Matt Cardle is back with his third album in as many years this week with the release of Porcelain. We could open this review by complaining at length about the way The X Factor has treated him since he won in 2010 but all we’ll say is they’ve treated him like crap and leave it at that. Since winning the show Cardle has scored two Top 10 albums with Letters and The Fire and recently scored his biggest single since 2011’s Run For Your Life with Melanie C duet Loving You. Porcelain is a 10-track collection but does it live up to Cardle’s previous releases?
Porcelain sees Cardle teaming up with a variety of writers and producers including Jamie Scott, JC Chasez, Ben Cullum, Connor Reeves and the legendary Brian McKnight. The end result is an album rich in variety showcasing Cardle’s influences and pushing his rock/soul fusion further than ever before. The album opens with In Chains which a slow-building song that puts Cardle’s voice at the front exploring its range and utilising his distinctive falsetto. Lyrically the song is about being able to break out of a situation that is holding you back. You have to wonder if it’s part-related to his troubled relationship with The X Factor since winning.
Variety is certainly the order of the day on Porcelain. Current single When You Were My Girl is an uptempo pop/rock song with a slice of funk, Hit My Heart is a mid-tempo track with a strong pop melody and title track Porcelain is an emotive ballad with a superb vocal from Cardle. The biggest surprise on the album is the Brian McKnight collaboration Not Over You which is the most soulful track on the record and one of the most effective. Pairing Cardle’s vocal with stripped-back piano melodies the track is heartfelt and moving.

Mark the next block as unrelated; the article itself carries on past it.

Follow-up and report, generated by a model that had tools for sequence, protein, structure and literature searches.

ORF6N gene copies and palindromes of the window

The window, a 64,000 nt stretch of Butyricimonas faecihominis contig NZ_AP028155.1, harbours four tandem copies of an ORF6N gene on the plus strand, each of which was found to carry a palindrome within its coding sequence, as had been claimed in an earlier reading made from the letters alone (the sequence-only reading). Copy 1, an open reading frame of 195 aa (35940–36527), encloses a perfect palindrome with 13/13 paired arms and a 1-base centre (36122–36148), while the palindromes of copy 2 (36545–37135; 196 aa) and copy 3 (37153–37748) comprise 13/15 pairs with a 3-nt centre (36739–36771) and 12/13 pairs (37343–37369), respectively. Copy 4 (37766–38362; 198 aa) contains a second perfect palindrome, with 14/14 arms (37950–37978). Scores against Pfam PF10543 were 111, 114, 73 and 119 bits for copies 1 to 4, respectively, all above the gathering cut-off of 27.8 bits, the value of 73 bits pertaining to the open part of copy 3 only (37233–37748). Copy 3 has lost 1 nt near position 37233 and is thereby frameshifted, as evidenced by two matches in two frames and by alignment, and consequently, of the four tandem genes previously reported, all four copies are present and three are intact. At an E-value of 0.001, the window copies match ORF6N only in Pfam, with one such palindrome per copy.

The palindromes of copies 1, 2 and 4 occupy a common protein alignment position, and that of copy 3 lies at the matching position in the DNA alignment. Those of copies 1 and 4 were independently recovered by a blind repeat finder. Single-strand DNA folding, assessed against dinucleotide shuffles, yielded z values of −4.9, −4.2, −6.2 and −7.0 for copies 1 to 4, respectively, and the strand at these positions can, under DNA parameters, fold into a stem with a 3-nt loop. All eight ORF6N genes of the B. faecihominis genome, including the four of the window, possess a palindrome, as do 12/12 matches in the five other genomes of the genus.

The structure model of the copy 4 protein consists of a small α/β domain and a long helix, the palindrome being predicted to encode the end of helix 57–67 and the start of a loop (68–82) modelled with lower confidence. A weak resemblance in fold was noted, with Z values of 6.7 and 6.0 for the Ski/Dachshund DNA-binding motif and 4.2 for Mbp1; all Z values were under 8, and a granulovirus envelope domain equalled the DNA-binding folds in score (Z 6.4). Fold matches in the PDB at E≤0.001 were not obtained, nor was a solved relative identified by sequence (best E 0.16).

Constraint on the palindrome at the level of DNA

We can see why Loving You was chosen as the album’s first single as it is one of the strongest tracks on the record. Cardle’s voice works well with Melanie C’s and the duet is one that is hugely catchy. You can hear the chemistry popping out of your stereo. Your Kind of Love is another highlight and showcases the rockier side of Cardle’s talents with electric-guitar riffs leading an off-beat melody.
Porcelain is further proof of Cardle’s growth as an artist since winning The X Factor. It would have been easy for him to follow the formula and polish of Letters but he hasn’t done that. As he did with The Fire, Cardle has taken the time to explore different sounds and collaborators to offer his fans an album that is a progression rather than a rehash. He doesn’t get the credit he deserves and actually he’s one of the best stars The X Factor has produced. Whilst that show may have discovered him, it’s Cardle that has taken control of his career and proven himself on his own terms.